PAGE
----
Lennon's killer is still a danger and must not go free, parole board rules

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The Independent US

The man who shot John Lennon was told yesterday that he must remain behind bars. The New York state parole board, reviewing the case of Mark David Chapman for the first time in 20 years, turned him down for early release from his life sentence.

The man who shot John Lennon was told yesterday that he must remain behind bars. The New York state parole board, reviewing the case of Mark David Chapman for the first time in 20 years, turned him down for early release from his life sentence.

The board described the killing of Lennon as a "calculated and unprovoked" act and noted that Chapman had apparently not lost his attraction to publicity - the same attraction that prosecutors believe drove him to murder the former Beatle outside his New York apartment building on 8 December 1980.

"Your most vicious and violent act was apparently fuelled by your need to be acknowledged," the board said. "During your parole hearing, this panel noted your continued interest in maintaining your notoriety."

Chapman, 45, has given regular media interviews, and last week told a newspaper in Rochester, New York, that he felt lucky not to have been executed for his crime. In rambling remarks, he also suggested that John Lennon would have approved of his release - a notion strongly rejected in a letter to the parole board from Lennon's widow, Yoko Ono.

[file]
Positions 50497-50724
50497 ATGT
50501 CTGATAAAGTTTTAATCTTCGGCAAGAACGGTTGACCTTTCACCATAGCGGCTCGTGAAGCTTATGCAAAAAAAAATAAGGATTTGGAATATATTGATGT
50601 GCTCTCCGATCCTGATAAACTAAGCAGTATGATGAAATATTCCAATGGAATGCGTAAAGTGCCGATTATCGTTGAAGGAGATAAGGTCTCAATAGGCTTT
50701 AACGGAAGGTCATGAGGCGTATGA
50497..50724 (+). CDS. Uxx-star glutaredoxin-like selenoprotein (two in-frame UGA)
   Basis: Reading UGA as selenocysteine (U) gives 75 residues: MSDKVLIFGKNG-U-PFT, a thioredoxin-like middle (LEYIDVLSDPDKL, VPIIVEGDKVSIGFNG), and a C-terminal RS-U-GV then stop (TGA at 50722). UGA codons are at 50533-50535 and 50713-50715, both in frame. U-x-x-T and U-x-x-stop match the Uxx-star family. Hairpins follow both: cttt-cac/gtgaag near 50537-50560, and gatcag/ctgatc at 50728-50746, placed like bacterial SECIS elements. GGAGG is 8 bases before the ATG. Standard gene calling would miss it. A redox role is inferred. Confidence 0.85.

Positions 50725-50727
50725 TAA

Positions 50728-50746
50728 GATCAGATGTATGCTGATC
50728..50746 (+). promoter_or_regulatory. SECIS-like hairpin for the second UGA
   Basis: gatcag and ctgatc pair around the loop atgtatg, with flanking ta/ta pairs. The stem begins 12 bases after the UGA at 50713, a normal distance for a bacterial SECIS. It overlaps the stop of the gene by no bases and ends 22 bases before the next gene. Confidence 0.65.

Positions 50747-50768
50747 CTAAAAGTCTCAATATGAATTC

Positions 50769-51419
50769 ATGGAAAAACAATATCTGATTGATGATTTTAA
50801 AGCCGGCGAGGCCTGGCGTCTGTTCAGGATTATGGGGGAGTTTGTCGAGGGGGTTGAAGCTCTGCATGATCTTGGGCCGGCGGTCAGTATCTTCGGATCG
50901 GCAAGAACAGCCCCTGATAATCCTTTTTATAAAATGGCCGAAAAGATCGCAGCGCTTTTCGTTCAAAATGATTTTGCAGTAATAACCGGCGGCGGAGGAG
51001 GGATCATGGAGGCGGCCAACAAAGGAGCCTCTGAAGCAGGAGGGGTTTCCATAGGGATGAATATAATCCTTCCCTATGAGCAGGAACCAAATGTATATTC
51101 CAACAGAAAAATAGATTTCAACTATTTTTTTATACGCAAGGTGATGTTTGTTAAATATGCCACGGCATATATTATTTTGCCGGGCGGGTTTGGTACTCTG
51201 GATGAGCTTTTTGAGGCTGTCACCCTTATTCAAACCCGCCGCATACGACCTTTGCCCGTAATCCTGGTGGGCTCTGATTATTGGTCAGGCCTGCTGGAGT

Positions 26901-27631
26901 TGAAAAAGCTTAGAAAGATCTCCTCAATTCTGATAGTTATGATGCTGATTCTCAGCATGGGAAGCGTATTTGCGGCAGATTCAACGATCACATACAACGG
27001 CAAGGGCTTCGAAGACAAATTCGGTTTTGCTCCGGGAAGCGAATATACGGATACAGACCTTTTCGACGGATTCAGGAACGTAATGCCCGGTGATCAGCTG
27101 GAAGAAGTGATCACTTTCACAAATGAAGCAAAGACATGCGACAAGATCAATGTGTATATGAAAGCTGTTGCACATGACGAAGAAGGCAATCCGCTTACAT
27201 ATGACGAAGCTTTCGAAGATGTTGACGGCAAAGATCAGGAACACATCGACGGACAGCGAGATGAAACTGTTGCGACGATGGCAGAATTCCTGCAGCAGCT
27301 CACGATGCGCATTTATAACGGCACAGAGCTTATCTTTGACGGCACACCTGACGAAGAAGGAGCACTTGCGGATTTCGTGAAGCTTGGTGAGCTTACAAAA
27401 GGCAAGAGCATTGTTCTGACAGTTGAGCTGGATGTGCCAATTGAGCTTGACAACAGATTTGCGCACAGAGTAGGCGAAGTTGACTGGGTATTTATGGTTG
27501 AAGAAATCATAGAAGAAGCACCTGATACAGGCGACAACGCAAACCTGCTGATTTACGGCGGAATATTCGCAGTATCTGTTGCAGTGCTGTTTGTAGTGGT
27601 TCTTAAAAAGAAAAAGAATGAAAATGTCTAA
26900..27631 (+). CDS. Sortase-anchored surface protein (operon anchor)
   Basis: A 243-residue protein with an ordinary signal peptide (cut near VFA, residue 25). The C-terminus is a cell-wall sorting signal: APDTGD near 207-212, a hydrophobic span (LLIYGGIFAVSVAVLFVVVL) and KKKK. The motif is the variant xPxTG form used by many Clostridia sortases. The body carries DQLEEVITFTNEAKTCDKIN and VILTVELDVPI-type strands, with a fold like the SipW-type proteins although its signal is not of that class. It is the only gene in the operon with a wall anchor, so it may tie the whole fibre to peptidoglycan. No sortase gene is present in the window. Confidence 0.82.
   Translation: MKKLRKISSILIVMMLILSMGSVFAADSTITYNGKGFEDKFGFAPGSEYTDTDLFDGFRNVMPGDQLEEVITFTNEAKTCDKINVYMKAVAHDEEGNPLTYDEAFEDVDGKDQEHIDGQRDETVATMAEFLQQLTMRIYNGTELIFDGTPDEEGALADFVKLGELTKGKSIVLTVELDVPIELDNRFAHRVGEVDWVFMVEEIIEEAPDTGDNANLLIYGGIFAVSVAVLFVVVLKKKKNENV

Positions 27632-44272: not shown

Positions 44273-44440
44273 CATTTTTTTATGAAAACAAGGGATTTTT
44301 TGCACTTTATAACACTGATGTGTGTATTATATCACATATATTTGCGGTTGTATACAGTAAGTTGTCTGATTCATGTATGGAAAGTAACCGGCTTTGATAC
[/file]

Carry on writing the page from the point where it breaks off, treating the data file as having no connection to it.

"If he were to be released now, many will feel betrayed. Anger and fear would rise again," Ms Ono wrote. "I am afraid it will bring back the nightmare, the chaos and confusion once again. Myself and John's two sons would not feel safe for the rest of our lives." John Lennon would have turned 60 last Saturday.

Chapman was interviewed for 50 minutes in a closed hearing at the Attica Correctional Facility in upstate New York. About four hours later, the parole board issued a one-page finding, that began: "Parole denied."

Chapman will have to wait another two years before he can apply for parole again. Legal experts believe he is unlikely ever to be released because of his high profile and the tough-on-crime mentality that makes it almost impossible for any murderer to obtain a conditional release in New York state.

Robert Gangi, a lawyer and the head of the Correctional Association of New York, a prison reform group, said: "If Jesus Christ returned to earth for the sole purpose of decreeing that it would be appropriate to release Mark Chapman, the parole board wouldn't be willing to take the political heat they would get by doing it."

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